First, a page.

Insights on surgical management for pediatric keratoconus

May 5, 2019
Cheryl Guttman Krader, BS, Pharm

Cheryl Guttman Krader is a contributor to Dermatology Times, Ophthalmology Times, and Urology Times.

Sara Anastas, MD, discusses criteria for surgical intervention methods with either corneal crosslinking (CXL) or penetrating keratoplasty in pediatric patients.

Results from a retrospective analysis of topographic data offer guidance for deciding on the management of children with clinically suspected keratoconus.

The research, which was presented by Sara Anastas, MD, at the ASCRS-ASOA annual meeting, being held May 3-7 at the Convention Center in San Diego, CA, showed that more than 40% of pediatric cases referred for topographic evaluation because of suspicious topography went on to require surgical intervention with either corneal crosslinking (CXL) or penetrating keratoplasty (PKP).

Eyes that went on to a transplant procedure had significantly steeper and thinner corneas than their counterparts that had CXL or no intervention, reported Dr. Anastas, resident, Department of Ophthalmology, New York Medical College, Valhalla, NY.

Dr. Anastas conducted the study with Gerald Zaidman, MD, professor of Clinical Ophthalmology, and director, Cornea and Refractive Surgery Service, New York Medical College, Valhalla, NY. She noted that keratoconus in the pediatric population is an aggressive disorder that has been shown to progress more rapidly than in adults and result in a higher rate of transplantations.

“Corneal crosslinking can provide stability and delay transplantation in children with keratoconus. Thus, early identification of keratoconus in the pediatric population is vital to managing follow-up and monitoring for progression,” said Dr. Anastas. “Our study suggests that children who present with a mean anterior keratometry >54 D and thinnest pachymetry <416 µm may be at higher risk for keratoconus progression and warrant early consideration for CXL to delay or prevent the need for a graft procedure. Other children, however, can be monitored over time for possible progression.”

In order to utilize corneal topography to determine risk for progression to PKP or CXL, Dr. Anastas and Dr. Zaidman analyzed data on anterior mean keratometry (AKm), posterior mean keratometry (PKm), and thinnest pachymetry (TP) from 31 eyes of 17 patients who were referred for evaluation for possible keratoconus. The patients were seen between 2008 and 2016 and were only included if they were ≤18 years old and had repeat topography with clinical follow-up of at least two years. Eyes that progressed to PKP sooner than six months were excluded.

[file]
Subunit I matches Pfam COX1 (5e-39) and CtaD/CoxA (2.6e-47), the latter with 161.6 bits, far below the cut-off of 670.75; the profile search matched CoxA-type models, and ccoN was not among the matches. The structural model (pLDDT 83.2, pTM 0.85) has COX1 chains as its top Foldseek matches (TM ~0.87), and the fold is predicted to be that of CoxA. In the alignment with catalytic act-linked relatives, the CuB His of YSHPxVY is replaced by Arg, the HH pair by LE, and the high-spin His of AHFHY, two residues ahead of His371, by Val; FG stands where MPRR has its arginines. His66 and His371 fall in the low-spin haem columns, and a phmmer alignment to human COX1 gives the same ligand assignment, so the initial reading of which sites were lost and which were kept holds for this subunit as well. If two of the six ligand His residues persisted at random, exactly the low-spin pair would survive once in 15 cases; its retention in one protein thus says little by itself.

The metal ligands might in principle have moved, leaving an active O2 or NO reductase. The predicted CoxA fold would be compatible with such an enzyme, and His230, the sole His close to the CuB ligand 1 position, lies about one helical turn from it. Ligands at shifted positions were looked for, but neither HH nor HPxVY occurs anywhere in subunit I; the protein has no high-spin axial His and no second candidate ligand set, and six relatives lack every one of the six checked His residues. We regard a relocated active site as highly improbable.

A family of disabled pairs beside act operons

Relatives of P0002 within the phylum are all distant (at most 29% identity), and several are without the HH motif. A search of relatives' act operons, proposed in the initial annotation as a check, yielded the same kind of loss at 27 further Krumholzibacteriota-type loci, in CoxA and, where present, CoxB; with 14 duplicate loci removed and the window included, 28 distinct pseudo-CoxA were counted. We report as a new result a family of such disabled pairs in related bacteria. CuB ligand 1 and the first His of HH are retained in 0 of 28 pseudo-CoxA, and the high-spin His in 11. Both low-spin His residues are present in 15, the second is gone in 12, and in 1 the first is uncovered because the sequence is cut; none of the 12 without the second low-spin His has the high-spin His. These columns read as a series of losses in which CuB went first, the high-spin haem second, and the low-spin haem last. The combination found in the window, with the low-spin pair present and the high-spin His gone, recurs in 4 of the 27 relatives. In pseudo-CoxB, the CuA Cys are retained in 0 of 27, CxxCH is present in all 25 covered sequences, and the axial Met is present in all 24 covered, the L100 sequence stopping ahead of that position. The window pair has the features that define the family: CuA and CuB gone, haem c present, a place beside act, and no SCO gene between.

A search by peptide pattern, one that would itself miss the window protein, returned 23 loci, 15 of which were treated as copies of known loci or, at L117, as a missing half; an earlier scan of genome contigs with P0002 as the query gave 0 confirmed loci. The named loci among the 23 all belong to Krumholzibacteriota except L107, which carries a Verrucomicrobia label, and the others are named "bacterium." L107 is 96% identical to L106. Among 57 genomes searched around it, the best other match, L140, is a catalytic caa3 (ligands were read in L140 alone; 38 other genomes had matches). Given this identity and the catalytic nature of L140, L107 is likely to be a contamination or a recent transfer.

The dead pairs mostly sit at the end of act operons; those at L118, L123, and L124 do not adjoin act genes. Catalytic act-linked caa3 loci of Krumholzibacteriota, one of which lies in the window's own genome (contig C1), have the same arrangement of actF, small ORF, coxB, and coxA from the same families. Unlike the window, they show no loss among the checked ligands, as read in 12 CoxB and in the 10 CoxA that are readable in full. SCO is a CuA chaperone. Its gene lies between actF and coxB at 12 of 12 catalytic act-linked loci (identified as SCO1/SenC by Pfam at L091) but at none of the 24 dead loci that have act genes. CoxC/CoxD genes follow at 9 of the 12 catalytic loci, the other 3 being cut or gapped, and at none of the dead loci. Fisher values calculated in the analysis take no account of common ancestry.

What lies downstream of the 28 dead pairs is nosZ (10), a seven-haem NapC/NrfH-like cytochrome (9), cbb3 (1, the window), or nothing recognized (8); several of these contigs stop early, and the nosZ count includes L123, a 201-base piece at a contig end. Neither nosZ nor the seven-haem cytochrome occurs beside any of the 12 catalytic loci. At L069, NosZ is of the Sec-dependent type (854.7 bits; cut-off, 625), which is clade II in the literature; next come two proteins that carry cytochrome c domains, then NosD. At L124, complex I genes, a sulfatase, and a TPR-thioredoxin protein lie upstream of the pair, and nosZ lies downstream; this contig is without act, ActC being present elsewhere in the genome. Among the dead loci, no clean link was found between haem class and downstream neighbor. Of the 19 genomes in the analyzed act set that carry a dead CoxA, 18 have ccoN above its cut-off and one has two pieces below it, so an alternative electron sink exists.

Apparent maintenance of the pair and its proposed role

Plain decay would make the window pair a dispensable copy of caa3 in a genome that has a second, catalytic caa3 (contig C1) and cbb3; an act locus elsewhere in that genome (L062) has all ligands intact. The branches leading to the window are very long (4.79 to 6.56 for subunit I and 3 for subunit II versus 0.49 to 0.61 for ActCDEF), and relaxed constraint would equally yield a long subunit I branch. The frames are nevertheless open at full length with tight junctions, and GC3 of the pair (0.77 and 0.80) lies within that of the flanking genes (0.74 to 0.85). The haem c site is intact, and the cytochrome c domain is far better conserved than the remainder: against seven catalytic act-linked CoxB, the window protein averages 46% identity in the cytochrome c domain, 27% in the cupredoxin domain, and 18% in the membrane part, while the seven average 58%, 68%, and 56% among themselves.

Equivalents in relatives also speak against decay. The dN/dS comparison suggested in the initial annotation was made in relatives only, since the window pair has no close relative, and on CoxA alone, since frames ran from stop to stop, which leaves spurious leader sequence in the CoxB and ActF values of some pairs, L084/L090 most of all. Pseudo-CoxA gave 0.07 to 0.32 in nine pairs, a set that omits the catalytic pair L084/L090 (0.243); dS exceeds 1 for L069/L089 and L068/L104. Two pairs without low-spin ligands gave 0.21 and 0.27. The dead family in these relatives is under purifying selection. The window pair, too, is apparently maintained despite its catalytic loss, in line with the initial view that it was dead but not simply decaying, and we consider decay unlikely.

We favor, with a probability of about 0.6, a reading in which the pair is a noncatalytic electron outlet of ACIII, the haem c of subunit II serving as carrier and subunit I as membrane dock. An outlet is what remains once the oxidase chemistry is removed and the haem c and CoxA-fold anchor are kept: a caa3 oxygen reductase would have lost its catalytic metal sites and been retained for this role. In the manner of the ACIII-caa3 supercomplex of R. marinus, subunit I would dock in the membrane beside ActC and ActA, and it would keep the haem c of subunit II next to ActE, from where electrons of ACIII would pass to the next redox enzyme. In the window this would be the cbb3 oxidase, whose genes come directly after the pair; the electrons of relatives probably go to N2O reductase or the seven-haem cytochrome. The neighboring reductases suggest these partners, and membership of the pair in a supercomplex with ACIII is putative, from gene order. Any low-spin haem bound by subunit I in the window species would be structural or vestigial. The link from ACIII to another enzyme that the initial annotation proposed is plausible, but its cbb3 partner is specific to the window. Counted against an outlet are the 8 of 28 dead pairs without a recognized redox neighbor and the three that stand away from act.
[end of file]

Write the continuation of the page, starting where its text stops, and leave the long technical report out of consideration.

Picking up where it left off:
Of the 31 eyes included in the study, seven eyes went on to PKP at a mean of 3.5 years after initial evaluation, six eyes underwent CXL, and 18 eyes were stable and had no intervention

The corneal measurements were obtained with a Scheimpflug device (Pentacam, Oculus), and the three variables were analyzed using one-way ANOVA and TUKEY HSD post-hoc analysis.

The results showed that the group of eyes that underwent PKP differed significantly from the other two groups in all three initial referral topography parameters. At presentation in the group that had PKP, mean AKm was 54.1 D, mean PKm was -8.14 D, and mean TP was 416.7 µm. There were no significant differences in any of the three corneal parameters comparing eyes that had CXL and the stable group, although the eyes that had CXL progressed during follow-up.

Representative cases

Dr. Anastas also presented a brief case history for an eye within each of the three study groups that illustrated differences in the initial presentation and the course of keratoconus during follow-up. The initial referral topography for a 16-year-old patient who went on to PKP showed AKm of 50.4 D, PKm of -7.6 D, and TP of 467 µm. The patient’s corrected visual acuity (VA) was 20/50. The patient received rigid gas permeable contact lenses and did well, but after eight years, AKm had progressed by 12.4 D, vision had deteriorated to 20/200 without correction, and the patient was no longer able to tolerate the contact lenses.

Another 16-year-old patient had initial topography readings of 44.6 D for AKm, -6.8 D for PKm, and 529 µm for TP with an uncorrected VA of 20/30+. After two years, AKm was 47.7 D, PKm was -7.3 D, TP was 500 µm, and uncorrected VA was 20/40. The patient was treated with CXL because of the progression.

Compared to the latter patient, a 14-year-old who presented with a thicker cornea (582 µm), but with nearly identical measurements for AKm, PKm, and uncorrected VA remained stable during follow-up.

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